What if Vincent van Gogh didn’t commit suicide, but was murdered by a little old man with a cane and a bowler hat? And what if this murderer—known as the Colorman—were in some nefarious way associated with the history of art and the production of the Old Masters’ paint? Sacré Bleu starts with this oddball premise and gets progressively weirder: it’s a supernatural detective story, an art-historical tribute to the colour blue, and a ribald romp through belle époque Paris—with sidetrips to Michelangelo’s Italy, the building of Hadrian’s Wall, and the Stone Age.
The Ohio-born Moore, known for his bestselling series of “yuppie vampire” books such as You Suck and Bite Me, also rewrites literature and history from the point of view of made-up, or reimagined, minor characters. His novel Lamb introduces us to Christ’s “childhood pal” Biff; Fool is told by King Lear’s Blackadder-like jester, Pocket; and Sacré Bleu shows us the lives of Impressionist and Post-Impressionist painters as seen through the lens of young baker and aspiring painter Lucien Lessard.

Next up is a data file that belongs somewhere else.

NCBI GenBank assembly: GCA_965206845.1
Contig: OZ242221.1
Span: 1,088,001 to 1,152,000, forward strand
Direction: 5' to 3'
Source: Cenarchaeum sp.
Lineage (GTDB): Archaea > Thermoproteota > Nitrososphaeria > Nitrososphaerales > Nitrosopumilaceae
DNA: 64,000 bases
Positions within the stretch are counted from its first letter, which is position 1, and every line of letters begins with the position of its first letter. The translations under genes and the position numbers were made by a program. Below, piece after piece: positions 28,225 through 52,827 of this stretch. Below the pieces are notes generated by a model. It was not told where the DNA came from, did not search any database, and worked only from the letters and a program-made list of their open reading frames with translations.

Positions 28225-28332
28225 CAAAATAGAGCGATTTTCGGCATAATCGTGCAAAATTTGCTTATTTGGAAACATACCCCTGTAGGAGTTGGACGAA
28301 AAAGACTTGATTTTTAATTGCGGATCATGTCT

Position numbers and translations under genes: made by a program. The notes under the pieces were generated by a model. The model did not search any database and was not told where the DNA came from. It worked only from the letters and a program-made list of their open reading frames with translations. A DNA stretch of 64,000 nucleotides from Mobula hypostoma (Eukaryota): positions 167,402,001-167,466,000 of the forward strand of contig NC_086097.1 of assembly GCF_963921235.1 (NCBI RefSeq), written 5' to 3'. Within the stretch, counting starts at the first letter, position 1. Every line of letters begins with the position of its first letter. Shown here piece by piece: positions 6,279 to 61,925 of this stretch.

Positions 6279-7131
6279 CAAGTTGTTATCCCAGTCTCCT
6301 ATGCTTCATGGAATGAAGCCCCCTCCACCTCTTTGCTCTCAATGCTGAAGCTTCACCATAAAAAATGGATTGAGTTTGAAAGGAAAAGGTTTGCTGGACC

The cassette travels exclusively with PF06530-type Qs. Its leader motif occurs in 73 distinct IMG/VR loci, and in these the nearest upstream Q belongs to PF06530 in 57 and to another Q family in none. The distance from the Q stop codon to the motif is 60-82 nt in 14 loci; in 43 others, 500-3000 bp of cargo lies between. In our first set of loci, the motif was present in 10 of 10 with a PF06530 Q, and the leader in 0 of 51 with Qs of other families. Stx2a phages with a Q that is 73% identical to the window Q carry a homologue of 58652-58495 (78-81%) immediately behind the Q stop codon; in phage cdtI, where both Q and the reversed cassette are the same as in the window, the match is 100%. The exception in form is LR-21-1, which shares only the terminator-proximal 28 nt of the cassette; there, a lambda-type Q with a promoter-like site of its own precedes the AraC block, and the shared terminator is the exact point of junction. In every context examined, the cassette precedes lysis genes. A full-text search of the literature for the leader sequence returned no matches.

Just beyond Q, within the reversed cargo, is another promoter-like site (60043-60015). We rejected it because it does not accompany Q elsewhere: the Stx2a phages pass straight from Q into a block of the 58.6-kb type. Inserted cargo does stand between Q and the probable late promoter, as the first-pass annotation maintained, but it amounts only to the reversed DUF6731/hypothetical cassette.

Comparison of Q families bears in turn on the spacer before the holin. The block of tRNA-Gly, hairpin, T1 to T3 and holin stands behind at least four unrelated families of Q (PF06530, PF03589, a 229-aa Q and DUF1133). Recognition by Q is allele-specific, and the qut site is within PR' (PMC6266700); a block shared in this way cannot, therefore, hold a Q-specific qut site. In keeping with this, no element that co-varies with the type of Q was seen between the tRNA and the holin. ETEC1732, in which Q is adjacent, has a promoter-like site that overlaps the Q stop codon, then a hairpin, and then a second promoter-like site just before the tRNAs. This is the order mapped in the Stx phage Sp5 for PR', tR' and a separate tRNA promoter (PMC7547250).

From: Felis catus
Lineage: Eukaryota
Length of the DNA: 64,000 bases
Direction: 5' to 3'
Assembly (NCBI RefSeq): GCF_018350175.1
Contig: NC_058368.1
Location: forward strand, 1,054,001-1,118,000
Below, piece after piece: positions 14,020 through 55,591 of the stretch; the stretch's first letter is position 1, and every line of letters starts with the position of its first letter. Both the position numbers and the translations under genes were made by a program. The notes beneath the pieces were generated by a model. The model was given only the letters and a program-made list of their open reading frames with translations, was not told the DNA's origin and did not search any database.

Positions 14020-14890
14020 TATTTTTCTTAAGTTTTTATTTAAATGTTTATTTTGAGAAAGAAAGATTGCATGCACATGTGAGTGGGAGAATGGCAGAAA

Lucien, an idealist in a decadent era, joins forces with Henri de Toulouse Lautrec—in Moore’s hands, a marvellously dissolute comic creation—to look into van Gogh’s murder. While moving through the realms of high art and the dinginess of the demimonde, Lucien and Henri encounter a number of suspiciously perfect muses and explore the sources of artistic inspiration—both aesthetic and priapic. The bleu in the title is both Monet’s ultramarine and the raciness of a blue movie.
Granted, Moore’s enterprise is somewhat silly, but he finds the right mix of homage and off-the-wall irreverence, bringing to earthy life a group of painters whose work is often derided as crowd-pleasing and pretty. But who exactly is the Colorman? We’re not telling. Zut alors!